Staying Safe at Your Second Home
Feb 1, 2012
Since daylight savings time ends just over a month into fall semester and begins just before spring semester ends, we spend the majority of our time on campus in the darker part of the year. That lack of daylight may seem like a drag for many reasons, including your safety. Danger CAN strike at any time, though, so it’s always important to stay alert. Here are a few tips to keep in mind to keep you safe on campus.
Keep your friends on the up and up. We make bonds and tend to stick with our friends as much as possible so it’s rare to see anyone roaming a college campus solo. If you do get separated, make sure to let someone (a roommate, friend or even your parents) know where you’ll be, who you’ll be with and when you’ll be home.
Be careful with your keys. It might seem like a given but it’s important to keep an eye on your keys. They’re easy to lose and easy to duplicate so keep yours as close by as possible. If you do lose them, be sure to alert maintenance or campus security, as you may need a lock change.
Don’t travel alone in the dark. Most nights, you’ll head out with your friends and head home with them as well. If you do part ways, take advantage of your campus security escort service. It’s better to get home via campus security than to walk alone and put yourself at risk.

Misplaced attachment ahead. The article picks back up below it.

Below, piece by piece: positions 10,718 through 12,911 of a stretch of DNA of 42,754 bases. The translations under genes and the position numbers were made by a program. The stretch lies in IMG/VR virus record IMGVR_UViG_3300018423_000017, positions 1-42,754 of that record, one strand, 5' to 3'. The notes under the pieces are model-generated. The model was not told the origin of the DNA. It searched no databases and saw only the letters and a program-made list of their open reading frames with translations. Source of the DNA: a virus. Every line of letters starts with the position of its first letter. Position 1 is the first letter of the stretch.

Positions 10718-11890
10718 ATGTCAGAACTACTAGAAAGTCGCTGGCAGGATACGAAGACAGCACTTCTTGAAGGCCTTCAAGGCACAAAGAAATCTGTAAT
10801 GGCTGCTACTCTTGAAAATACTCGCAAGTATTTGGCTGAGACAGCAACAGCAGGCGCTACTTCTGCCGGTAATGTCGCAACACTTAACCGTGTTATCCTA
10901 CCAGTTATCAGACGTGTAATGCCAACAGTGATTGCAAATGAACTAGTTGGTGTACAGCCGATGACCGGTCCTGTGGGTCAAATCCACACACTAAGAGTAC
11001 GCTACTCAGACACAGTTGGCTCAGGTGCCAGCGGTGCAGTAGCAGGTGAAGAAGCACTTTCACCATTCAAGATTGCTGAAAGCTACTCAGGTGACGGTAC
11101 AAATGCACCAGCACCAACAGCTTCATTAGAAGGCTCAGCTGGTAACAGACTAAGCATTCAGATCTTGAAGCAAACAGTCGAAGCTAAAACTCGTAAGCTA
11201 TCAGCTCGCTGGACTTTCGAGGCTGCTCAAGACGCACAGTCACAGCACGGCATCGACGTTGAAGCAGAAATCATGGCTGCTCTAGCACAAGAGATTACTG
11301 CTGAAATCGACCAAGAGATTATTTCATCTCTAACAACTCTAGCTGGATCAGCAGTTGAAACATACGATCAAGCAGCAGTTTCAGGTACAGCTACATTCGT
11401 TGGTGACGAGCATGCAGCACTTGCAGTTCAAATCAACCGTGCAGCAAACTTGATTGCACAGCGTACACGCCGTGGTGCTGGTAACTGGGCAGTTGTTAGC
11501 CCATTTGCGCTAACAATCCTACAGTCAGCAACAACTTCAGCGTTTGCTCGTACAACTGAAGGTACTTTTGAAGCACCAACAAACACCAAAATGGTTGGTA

Whether or not we’d like to admit it, our schools are like second homes to us and with the amount of time we spend there, it’s important that we feel comfortable and safe. You want to have the best college experience possible, right? Good – just take a few minutes to put your safety first!
Angela Andaloro is a junior at Pace University’s New York City campus, where she is double majoring in communication studies and English. Like most things in New York City, her life and college experience is far from typical – she commutes to school from her home in Flushing and took nearly a semester’s worth of classes online – but she still likes to hang out with friends, go to parties and feed her social networking addiction like your “average” college student.
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